As with all food-producing farm animals, the reproduction rate and speed of growth in commercial pigs has been increased through selection, feeding and management. The modern sow is expected to produce four times as many piglets as her ancestors could in their natural habitat. But this improved performance has its disadvantages.
The mortality rate of piglets is high, as they’re born tiny, nearly hairless, and short of iron and energy, with no inherited immunity and a careless mother. Piglets are most likely to die in the first three days after birth, but you can keep the mortality rate down by knowing and tending to their needs:
Help the sow to farrow if she has trouble doing so. Clear the membranes from the piglet’s face, and rub it if it’s not breathing.
Warmth and comfort
Supply a creep area next to the sow with a thick bed of straw, hay and/or newspaper.
Energy and fluids
Help weak piglets to find teats. Put a few drops of glucose water in the mouth for energy and then near a teat. Foster-rear the stronger piglets when the sow can’t cope.
Protection against diseases
Vaccinate the sow against E. coli two weeks before farrowing. Give all piglets colostrum in the first six hours.
Protection from crushing by the sow
Use a farrowing crate or rail and a deep soft bed that gives piglets a chance to escape if there’s no attendant.
Supplementary iron to prevent anaemia
Inject 200mg of iron before six days old.
Abundant milk until weaning
Ensure that the sow has at least 6kg of fresh, balanced feed (lactating sow or grower meal) per day, and more if she can eat it. Give it up to 40â„“ of water per day.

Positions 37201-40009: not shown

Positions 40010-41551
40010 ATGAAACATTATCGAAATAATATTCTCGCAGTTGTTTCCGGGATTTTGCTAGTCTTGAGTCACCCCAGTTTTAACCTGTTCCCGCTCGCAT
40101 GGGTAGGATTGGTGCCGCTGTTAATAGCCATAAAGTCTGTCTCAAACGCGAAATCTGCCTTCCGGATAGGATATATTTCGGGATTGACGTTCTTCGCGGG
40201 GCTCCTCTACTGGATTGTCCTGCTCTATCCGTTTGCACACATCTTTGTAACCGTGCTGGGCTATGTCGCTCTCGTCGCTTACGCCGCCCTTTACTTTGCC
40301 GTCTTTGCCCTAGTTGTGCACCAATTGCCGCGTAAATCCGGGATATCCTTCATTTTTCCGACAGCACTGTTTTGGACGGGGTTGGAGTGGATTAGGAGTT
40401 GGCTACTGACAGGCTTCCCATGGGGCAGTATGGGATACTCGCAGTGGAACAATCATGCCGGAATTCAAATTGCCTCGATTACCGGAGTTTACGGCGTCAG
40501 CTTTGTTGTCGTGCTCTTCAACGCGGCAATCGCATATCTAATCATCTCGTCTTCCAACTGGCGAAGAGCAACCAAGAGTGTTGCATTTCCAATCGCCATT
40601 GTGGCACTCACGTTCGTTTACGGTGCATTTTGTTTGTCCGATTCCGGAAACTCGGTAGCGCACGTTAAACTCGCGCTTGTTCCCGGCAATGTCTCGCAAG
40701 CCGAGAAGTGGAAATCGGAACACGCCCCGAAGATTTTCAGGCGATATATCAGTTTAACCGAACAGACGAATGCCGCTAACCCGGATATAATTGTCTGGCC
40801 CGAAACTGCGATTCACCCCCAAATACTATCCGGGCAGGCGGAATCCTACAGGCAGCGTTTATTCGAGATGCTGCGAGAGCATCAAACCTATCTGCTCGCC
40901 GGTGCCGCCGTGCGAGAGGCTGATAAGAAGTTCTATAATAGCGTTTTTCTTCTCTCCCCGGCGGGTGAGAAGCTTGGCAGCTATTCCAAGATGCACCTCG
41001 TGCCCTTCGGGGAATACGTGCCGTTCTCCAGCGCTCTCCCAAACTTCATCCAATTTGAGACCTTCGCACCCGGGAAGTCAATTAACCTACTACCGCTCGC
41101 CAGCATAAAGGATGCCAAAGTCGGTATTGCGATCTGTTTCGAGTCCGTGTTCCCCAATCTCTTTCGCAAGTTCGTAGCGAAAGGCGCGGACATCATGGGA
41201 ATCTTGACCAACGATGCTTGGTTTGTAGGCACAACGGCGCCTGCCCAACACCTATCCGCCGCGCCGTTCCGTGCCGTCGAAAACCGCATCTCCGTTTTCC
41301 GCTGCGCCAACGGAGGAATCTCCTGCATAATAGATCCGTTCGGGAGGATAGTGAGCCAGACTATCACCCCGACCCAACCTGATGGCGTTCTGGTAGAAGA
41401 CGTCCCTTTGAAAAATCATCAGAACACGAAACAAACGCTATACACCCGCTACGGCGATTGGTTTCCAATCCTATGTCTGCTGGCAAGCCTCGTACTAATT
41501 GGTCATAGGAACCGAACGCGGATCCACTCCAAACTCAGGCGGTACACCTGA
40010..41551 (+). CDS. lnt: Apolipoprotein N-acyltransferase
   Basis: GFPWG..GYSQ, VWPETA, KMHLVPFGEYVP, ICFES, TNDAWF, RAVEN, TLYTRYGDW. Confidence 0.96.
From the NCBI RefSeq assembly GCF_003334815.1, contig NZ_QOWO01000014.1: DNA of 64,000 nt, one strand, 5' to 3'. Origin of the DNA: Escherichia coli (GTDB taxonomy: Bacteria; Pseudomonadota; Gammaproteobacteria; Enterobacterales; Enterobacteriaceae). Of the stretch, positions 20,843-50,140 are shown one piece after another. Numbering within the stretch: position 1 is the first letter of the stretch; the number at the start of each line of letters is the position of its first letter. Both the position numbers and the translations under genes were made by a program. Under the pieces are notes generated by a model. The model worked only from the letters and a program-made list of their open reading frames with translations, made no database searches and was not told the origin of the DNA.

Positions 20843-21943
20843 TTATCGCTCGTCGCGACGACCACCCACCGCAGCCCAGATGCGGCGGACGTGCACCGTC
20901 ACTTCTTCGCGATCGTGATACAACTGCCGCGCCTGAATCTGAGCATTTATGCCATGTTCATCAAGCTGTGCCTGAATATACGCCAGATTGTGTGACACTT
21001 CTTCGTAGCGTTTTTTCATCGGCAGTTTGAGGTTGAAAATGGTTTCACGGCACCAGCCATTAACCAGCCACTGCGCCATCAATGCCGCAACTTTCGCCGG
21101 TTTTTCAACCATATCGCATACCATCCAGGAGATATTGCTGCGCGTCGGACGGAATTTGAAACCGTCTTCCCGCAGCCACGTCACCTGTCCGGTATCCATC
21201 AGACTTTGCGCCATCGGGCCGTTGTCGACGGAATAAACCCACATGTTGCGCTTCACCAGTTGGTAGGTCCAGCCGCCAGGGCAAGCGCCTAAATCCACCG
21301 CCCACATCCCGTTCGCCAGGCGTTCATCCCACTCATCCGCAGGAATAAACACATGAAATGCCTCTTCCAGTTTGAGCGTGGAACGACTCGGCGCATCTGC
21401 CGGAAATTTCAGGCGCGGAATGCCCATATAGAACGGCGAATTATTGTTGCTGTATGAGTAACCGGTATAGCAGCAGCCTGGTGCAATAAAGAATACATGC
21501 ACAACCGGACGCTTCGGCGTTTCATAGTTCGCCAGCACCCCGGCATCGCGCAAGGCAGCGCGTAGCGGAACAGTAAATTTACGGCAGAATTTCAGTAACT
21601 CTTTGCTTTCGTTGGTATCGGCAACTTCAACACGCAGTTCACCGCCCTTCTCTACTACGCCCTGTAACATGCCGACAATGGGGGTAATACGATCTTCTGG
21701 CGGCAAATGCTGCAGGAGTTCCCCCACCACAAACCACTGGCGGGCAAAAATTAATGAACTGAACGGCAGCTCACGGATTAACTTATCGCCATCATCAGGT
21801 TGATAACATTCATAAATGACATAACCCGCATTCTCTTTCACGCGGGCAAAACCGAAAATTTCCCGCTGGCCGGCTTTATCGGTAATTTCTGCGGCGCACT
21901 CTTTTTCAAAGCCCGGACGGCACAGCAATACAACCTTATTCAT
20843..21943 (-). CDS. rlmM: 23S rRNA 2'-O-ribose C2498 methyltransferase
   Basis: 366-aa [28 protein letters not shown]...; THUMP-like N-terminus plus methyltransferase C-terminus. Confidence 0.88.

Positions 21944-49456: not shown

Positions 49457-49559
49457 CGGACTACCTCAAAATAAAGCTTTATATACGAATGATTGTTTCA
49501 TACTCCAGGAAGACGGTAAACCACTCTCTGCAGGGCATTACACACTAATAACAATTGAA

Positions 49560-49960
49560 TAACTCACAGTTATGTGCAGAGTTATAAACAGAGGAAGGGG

An introduction to solid food
Give piglets small quantities of high protein creep or weaner feed daily during the last 10 days of weaning. They should finish it in less than an hour.
Disinfect the navel and feet with an iodine dip or wound spray on day one. Castrate male piglets at three to four days old, but only if the market demands it, or if you know the male pigs are going to be six months or more at slaughter. Cutting teeth is ineffective and short tails don’t prevent tail biting.
The right treatment for scours or other problems
Discuss medication with your veterinarian, and keep a small range of effective drugs on hand with instructions on their use. Source: Pigs for Profit: A Manual for Emerging Pig Farmers in South Africa, by Dr Jim Robinson and Dr Mary-Louise Penrith, published by South African Pork Producers’ Organisation (SAPPO). For more information call Qeda Nyoka, SAPPO project manager for emerging farmers, on 072 338 2369.